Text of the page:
Renewable energy is a clean and efficient way to power electricity. Even though it has only been on our radar for about a decade, renewable energy has a long history. Solar panels are a perfect example.
Solar panels are nothing new. According to The Department of Energy, in 1876, it was discovered that electricity can be created when selenium is exposed to sunlight. By 1973, the first solar building was constructed by the University of Delaware. Solar panels are used for a reason, and we cannot run out of energy unless the sun is extinguished. The energy source is abundant.
According to the U.S. Department of Energy, 120,000 terawatts of solar radiation hits the Earth’s surface. With that kind of energy, 20,000 times more power is produced than what is needed to supply the entire world. Installing a solar panel could also help save money on electricity.
While there are many advantages of having solar panels, they are not the cheapest to buy and have installed. According to EnergySage, the average gross price on solar panels before tax is $18,840.
President Donald Trump recently created a 30 percent solar tariff that would make imported solar panels more expensive. This would mean a big blow to the U.S. solar industry, which is 80 percent reliant on imported solar panels. The Solar Energy Industries Association predicted this action will cost tens of thousands of jobs.
Keene State College Energy Services Coordinator Diana Duffy said Director of Sustainability Cary Gaunt is working on establishing solar panel projects on the KSC campus.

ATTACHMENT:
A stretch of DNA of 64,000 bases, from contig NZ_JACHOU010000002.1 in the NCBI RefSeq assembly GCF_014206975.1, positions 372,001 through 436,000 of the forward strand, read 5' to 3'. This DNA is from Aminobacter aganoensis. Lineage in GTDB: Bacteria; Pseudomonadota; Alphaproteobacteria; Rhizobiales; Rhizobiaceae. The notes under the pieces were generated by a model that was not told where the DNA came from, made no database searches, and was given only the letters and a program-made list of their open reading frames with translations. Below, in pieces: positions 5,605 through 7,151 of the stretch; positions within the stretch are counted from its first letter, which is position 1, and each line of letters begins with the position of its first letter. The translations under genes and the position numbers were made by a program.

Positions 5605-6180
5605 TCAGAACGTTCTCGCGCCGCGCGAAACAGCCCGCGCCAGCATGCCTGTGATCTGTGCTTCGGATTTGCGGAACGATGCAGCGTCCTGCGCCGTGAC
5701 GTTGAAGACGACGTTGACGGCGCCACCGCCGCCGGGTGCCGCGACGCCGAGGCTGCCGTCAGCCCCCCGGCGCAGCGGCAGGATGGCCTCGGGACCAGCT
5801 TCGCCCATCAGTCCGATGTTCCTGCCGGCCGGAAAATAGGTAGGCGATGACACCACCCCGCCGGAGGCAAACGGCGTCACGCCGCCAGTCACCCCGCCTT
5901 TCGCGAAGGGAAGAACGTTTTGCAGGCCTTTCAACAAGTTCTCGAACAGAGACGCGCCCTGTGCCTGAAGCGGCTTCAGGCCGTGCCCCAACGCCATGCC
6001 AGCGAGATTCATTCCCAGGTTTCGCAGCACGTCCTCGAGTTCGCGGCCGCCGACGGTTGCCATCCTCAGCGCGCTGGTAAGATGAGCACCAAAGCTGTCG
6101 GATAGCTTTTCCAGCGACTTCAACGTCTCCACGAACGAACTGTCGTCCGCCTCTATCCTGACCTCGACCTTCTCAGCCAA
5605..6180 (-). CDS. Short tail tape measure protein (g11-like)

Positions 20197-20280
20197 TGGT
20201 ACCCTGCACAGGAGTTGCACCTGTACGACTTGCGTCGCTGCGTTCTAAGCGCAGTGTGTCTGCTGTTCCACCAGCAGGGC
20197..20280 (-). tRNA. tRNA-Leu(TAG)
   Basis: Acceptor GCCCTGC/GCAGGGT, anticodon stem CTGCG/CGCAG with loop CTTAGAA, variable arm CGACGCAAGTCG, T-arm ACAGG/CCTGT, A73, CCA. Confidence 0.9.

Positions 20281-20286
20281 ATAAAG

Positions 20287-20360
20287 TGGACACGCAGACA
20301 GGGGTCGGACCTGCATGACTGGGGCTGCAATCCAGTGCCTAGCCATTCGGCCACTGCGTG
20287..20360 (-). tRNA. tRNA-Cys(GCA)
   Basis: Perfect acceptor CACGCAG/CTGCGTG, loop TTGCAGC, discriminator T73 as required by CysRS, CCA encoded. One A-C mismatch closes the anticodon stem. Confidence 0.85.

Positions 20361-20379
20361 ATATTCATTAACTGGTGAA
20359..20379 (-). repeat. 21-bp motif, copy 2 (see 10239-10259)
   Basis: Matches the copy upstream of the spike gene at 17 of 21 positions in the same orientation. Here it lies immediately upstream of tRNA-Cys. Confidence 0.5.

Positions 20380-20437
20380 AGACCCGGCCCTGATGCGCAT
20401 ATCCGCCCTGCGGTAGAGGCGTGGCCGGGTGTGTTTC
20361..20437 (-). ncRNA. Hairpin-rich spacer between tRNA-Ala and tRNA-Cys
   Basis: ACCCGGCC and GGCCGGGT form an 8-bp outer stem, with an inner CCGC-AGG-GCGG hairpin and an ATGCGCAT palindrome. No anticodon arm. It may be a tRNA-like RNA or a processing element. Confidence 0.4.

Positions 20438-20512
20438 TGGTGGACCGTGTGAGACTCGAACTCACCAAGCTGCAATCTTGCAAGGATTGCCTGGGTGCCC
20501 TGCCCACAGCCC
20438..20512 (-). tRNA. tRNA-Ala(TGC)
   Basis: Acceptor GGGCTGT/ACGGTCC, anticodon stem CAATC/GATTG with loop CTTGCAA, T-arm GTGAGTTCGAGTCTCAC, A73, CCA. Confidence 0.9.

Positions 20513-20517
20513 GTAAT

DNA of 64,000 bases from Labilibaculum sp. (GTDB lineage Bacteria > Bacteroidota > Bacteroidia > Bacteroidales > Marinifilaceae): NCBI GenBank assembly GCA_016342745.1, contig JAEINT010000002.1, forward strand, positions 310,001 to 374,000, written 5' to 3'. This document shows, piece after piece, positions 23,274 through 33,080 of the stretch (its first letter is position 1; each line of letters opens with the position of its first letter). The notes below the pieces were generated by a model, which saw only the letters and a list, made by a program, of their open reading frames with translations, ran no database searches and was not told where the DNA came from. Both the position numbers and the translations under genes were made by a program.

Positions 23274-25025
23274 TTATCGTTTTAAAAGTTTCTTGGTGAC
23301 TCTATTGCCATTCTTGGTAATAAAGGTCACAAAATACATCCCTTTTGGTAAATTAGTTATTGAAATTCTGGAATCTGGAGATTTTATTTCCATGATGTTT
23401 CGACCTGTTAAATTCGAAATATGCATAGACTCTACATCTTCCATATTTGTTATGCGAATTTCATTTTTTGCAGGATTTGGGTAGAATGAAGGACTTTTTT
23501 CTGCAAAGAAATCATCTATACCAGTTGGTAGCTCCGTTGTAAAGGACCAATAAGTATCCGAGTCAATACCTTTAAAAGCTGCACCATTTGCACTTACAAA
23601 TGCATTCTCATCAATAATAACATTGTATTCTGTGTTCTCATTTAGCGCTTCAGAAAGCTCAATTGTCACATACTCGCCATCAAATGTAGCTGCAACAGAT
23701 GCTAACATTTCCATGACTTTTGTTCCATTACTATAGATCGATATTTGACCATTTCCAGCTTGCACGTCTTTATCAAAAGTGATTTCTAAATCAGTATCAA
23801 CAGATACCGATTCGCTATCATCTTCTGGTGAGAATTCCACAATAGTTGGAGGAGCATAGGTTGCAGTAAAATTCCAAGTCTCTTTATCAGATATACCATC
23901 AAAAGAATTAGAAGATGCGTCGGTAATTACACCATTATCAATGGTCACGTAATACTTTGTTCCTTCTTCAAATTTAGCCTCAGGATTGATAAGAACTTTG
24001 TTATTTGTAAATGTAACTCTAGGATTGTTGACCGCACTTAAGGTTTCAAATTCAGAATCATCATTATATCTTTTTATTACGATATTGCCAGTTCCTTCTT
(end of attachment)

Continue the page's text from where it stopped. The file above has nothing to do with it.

Duffy said she found Trump’s actions against solar energy to be mystifying, and challenged one of Trump’s justifications for this tariff, which is the “war on coal.” Duffy said even countries that heavily rely on coal, such as China, India and the United Kingdom, are becoming less reliant on coal and are looking at more renewable solutions. Duffy said she hopes that it will not impact any future solar panel projects on campus.
“It would be my hope by the time we are ready to go that that tariff may have disintegrated,” said Duffy, “but I’m also willing to bet that even if we might have to pay a more expensive price for panels, the cost of generating that kilowatt is still going to be less or it’ll be competitive compared to the prices we’re paying for non-green kilowatts right now.”
KSC environmental studies major Madelyn Thomas said she disagrees with Trump’s solar tariff. “Considering he has stock in big oil and he has other motives for having the solar tariff, I think [it’s] a bad thing. I think he did that without understanding fully the consequences of what it would be for the U.S.,” Thomas said.
Co-owner of Green Energy Options, a Keene company that installs solar panels, Pablo Fleishmann, said his business is 100 percent reliant on imported solar panels. The business his company formerly relied on for manufacturing solar panels within the U.S. went bankrupt. Since then, his company mostly relies on South Korea to import solar panels to the company, but he said he might be switching over to Japan.
Before the tariff, Fleishmann signed a contract with foreign countries. Now, it will be more expensive for his company to purchase solar panels from the company he signed the contract with.
Fleishmann said another disadvantage would be the strain the tariff would cause on the relationship between the U.S. and China. Fleishmann said it was too early to tell the impact the tariff would have on the company, and the exact details of the tariff were not made known to him.
Despite the disadvantages of the tariff, Fleishmann said he remains optimistic. “I tend to be an optimistic and hopeful person, and as much as I think it’s not a good idea, it might be what needs to happen to just get this figured out once and for all.”
Fleishmann said he hopes China and the U.S. will sit down and figure out what to do about the tariff.
Duffy said even with the tariff in place, the renewable energy industry will still have momentum. “The global appetite for renewable energy is going to continue to grow. I’m hopeful that the trajectory will continue to rise,” Duffy said.
Gaunt was contacted but could not be reached for comment on the tariff’s potential impact on the college’s future solar energy projects.
Katherine Glosser can be contacted at firstname.lastname@example.org